Feds: NJ Man Arrested For $13 Million Scam That Targeted 7,000 People
Federal authorities say a man from Passaic County was arrested on Thursday in connection to a technical support scam that targeted more than 7,000 victims in the United States.
- Many of those victims were small business owners and the elderly
- Victims were defrauded out of over $13 million
- Tech support scams continue to impact more and more people
40-year-old Manoj Yadav of Clifton is facing one count of conspiracy to commit wire fraud. He is scheduled to appear Thursday afternoon in Newark federal court.
According to officials, from 2017 through 2023, Yadav and his conspirators, many in India, fraudulently held themselves out as a technology support company affiliated with a major U.S. business and accounting software company that developed and sold widely used accounting software.
They operated under multiple fraudulent business names, including,
- Phebs Software Services, LLC
- Phebs Software Services
- PN Bookkeeping Services
- Phebbs Consulting
- Quickbooks Tech Assist
- Quickbook US
- Quickbooks Accounting
- Quickbooks Support Team
The conspirators would contact victims under the guise of fixing victims’ technical issues with the accounting software. After receiving tech support from the conspirators under these fraudulent pretenses, the victims would either be charged exorbitant fees or additional subscription fees.
These services were all allegedly fraudulent.
Yadav personally participated in the scheme by charging the victims for the fraudulent technology support services and funneling millions of dollars from these victims to his conspirators, according to officials.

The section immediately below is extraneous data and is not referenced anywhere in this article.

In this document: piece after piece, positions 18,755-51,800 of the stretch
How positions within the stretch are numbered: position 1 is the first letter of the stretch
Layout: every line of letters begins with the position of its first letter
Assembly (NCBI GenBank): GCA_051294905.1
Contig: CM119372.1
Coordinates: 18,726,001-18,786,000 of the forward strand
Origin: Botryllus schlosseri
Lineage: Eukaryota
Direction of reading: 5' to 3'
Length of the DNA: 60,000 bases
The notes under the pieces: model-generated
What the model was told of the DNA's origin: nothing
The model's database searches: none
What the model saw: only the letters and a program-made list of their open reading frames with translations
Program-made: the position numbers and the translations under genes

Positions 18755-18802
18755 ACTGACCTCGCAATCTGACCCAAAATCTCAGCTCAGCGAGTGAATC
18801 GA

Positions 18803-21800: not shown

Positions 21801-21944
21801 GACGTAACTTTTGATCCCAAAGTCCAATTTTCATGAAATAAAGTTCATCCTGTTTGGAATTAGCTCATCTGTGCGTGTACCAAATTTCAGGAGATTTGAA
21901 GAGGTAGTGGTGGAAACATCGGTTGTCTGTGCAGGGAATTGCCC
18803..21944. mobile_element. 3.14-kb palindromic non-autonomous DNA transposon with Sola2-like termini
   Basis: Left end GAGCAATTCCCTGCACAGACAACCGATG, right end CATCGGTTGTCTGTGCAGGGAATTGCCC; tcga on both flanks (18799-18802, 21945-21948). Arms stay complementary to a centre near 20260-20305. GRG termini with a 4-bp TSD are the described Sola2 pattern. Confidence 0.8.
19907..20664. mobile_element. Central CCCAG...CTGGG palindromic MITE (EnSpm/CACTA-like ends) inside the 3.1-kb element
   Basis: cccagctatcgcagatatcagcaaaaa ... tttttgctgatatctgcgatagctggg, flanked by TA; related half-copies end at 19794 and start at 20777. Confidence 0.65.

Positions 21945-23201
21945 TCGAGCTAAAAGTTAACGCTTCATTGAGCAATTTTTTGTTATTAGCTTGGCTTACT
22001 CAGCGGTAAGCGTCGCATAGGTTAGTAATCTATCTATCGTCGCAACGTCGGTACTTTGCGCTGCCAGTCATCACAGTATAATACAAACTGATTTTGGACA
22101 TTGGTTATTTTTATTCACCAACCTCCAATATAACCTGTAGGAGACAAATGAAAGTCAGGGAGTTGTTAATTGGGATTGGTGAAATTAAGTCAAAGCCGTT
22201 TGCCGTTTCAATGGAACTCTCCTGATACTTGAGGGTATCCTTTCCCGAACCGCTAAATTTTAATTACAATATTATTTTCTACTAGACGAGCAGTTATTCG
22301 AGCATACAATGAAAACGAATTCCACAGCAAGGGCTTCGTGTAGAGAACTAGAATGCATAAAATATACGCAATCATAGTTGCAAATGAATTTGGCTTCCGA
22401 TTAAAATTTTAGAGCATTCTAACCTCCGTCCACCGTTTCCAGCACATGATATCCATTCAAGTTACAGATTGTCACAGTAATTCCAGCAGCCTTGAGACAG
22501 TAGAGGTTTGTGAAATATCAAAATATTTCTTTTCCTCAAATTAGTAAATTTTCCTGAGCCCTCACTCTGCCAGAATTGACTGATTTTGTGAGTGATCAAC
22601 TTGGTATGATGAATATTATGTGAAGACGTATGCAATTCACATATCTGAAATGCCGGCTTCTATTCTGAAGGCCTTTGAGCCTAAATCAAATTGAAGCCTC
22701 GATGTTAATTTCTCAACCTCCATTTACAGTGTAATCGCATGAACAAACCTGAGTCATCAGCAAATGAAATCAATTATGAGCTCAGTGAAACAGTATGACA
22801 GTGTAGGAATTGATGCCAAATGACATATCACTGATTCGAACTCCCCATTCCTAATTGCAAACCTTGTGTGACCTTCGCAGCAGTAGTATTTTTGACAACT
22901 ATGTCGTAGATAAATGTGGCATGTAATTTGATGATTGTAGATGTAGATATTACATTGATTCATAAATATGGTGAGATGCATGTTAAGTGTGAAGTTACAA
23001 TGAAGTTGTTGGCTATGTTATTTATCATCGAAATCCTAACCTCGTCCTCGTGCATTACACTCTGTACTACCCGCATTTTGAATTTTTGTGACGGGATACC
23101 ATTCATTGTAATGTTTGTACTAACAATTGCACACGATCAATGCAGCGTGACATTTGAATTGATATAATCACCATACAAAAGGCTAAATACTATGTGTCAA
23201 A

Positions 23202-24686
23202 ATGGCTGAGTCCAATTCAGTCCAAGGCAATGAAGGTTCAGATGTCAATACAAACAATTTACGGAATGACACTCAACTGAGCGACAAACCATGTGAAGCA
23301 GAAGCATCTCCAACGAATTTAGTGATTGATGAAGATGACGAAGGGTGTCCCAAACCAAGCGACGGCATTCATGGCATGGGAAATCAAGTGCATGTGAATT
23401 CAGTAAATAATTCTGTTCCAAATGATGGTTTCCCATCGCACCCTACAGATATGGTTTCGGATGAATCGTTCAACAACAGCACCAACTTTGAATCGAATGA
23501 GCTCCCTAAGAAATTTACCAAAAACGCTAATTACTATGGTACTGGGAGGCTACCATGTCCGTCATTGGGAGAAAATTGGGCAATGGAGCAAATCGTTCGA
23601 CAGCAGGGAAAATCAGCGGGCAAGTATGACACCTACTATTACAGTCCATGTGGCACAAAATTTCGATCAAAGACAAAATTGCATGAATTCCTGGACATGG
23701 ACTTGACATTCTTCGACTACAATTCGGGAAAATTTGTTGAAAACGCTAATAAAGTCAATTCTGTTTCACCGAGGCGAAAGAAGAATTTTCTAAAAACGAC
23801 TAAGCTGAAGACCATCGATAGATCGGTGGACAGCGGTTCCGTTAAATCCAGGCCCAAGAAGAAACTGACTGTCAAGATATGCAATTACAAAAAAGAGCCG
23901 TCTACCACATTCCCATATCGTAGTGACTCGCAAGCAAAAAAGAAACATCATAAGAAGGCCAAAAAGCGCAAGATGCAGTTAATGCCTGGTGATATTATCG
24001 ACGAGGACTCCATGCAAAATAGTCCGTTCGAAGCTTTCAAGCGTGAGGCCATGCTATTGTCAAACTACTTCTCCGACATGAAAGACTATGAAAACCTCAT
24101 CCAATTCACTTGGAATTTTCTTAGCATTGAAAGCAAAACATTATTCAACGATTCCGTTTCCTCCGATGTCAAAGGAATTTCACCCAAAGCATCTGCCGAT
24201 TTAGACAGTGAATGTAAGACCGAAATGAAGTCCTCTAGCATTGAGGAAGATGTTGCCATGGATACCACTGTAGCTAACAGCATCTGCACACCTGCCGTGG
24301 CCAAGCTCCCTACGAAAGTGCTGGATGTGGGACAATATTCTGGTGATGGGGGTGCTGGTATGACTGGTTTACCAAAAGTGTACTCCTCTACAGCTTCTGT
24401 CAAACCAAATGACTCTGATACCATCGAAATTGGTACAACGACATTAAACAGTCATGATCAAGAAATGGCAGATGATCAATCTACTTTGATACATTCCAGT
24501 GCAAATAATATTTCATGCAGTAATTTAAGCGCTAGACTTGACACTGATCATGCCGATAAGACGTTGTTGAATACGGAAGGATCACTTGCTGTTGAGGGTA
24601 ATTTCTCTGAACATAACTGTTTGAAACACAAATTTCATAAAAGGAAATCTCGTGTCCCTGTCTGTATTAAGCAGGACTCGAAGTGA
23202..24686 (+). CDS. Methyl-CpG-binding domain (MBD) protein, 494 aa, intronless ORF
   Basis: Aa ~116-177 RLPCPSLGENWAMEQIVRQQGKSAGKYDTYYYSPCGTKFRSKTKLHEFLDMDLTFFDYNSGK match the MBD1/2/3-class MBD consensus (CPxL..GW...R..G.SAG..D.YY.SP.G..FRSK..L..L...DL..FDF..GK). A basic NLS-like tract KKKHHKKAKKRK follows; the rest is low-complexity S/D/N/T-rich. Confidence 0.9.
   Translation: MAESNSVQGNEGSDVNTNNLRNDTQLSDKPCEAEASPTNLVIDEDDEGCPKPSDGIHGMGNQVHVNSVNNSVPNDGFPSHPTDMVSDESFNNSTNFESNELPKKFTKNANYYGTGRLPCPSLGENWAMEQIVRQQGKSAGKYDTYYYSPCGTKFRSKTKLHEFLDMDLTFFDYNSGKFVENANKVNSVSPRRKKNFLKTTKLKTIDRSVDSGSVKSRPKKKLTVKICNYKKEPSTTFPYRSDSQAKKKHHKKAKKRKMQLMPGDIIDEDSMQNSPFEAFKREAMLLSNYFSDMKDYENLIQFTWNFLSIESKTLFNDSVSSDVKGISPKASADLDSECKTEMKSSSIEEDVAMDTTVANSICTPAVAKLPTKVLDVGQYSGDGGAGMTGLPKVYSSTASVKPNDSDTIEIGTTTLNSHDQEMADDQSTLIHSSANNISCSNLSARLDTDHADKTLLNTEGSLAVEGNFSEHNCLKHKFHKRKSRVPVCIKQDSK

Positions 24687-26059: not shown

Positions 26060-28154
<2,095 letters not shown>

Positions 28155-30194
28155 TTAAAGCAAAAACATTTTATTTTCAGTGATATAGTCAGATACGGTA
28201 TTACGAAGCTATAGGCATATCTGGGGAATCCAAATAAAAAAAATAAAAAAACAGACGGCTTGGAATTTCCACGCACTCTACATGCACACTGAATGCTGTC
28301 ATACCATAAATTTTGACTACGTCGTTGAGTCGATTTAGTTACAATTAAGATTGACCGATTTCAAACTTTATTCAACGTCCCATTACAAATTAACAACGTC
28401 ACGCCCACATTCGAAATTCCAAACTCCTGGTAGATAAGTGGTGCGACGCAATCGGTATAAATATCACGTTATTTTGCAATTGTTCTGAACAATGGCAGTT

Yadav sent his conspirators over $13 million in funds obtained from victims and would routinely keep approximately 17 percent when he wired funds to the conspirators.
FBI Special Agent in Charge James E. Dennehy said in a statement,
We allege Yadav lied to software users and forced them to pay for services that would usually come free with their initial purchase. The amount he's accused of stealing from his victims and the number of victims seem shocking; however, we are seeing an incredible increase in all types of tech support scams. The fraudsters are pretty savvy in how they con money out of people, even those of us who think we’re smart enough to not fall for it.
Officials say if you believe you may have been a victim in this scheme to contact the FBI.
The count of conspiracy to commit wire fraud carries up to 20 years in prison and a fine of $250,000 or twice the gross profit or loss caused by the offense, whichever is greatest.
The public is reminded that charges are accusations and all persons are considered innocent until proven guilty in a court of law.